Browsing category reviews

Book review: Vedic Mathematics

I wanted - I really, really wanted - to like this book. On the surface, it's exactly my cup of tea: a whole book of tricks to make mental arithmetic easy. Sadly, there's so much about it that's dreadful that the nuggets inside it are hardly worth the effort. The

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Book Review: Nix The Tricks

I am - I confess - a professional purveyor of tricks. A mnemonic here, a shortcut there - whatever it takes to get my students the skills they need to get the grade they want. As such, I wasn't expecting to enjoy Nix The Tricks, a free e-book offering alternatives

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Book review: Passion For Science

Fittingly, I'm sitting down to write this review while Google celebrates the 107th birthday of Grace Hopper - one of the first computer programmers, and - reputedly - the first person to debug a computer (by removing a moth from a vacuum tube). She wasn't the first computer programmer, though;

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Review: Beating the Odds, by Rob Eastaway and John Haigh

I believe the version of this book I borrowed from the library may not be the most recent edition; it has been published under at least three different titles. As far as it goes, Beating the Odds: The Hidden Mathematics of Sport is great. It's a terrific starting point for

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Review: The Theory That Would Not Die – Sharon Bertsch McGrayne

I picked up The Theory That Would Not Die by Sharon Bertsch McGrayne on a whim, a rare dead-tree impulse purchase. And I'm awfully glad I did. Bayes's Theorem is something you tinker around in S1 - it's the stuff with the $|$ symbol in, about absorbing information you already

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Review: The Noteboard

I LOVE index cards. When I lived in the US, I would routinely make a trip to the bookstore just to pick up more index cards, the better to process my ideas. It's much less intimidating to look at a blank index card than it is to look at a

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Book review: Mathematics: A Novel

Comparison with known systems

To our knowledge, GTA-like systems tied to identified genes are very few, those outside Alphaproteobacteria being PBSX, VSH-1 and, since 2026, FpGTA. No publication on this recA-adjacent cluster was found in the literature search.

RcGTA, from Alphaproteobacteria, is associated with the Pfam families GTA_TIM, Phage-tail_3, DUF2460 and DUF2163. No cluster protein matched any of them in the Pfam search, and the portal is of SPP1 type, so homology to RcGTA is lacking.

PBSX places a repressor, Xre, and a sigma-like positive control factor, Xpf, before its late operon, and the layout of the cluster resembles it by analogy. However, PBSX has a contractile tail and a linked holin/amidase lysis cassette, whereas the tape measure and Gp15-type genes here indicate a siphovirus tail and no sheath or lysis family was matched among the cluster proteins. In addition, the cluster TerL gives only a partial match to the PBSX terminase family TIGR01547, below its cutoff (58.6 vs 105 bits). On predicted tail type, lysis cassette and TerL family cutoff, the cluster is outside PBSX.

Mathematics: A Novel by Jacques Roubaud has a lot in common with my degree. It seemed to go on forever without any particular point, was incomprehensible in large chunks, and ended with a nagging sensation that it ought to have been first class. Oh, and it was a cross between

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Book review: The Man Who Loved Only Numbers

The Man Who Loved Only Numbers is one of very few library books I've ever failed to return on time. There's a certain poetry to it: it's a biography of Paul Erdős, one of the 20th century's more important mathematicians, and certainly the most prolific. Yesterday would have been his

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Book review: Alex’s Adventures In Numberland by Alex Bellos

When I gave a talk about the Curious Maths Of Alice In Wonderland recently, I was extremely proud of myself for coming up with the slide title 'Here's Looking At Euclid'. I even flagged it up as the best joke in the talk. You can imagine my horror to discover

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Book Review: Euler’s Gem, by David S Richeson

When Barney lent me this book, he asked me if I could explain what topology was for. In honesty? Despite my thesis title being “The Magnetic Topology Of The Solar Corona”, I couldn’t — I only studied topology because my PhD boss told me I should. I hoped that reading

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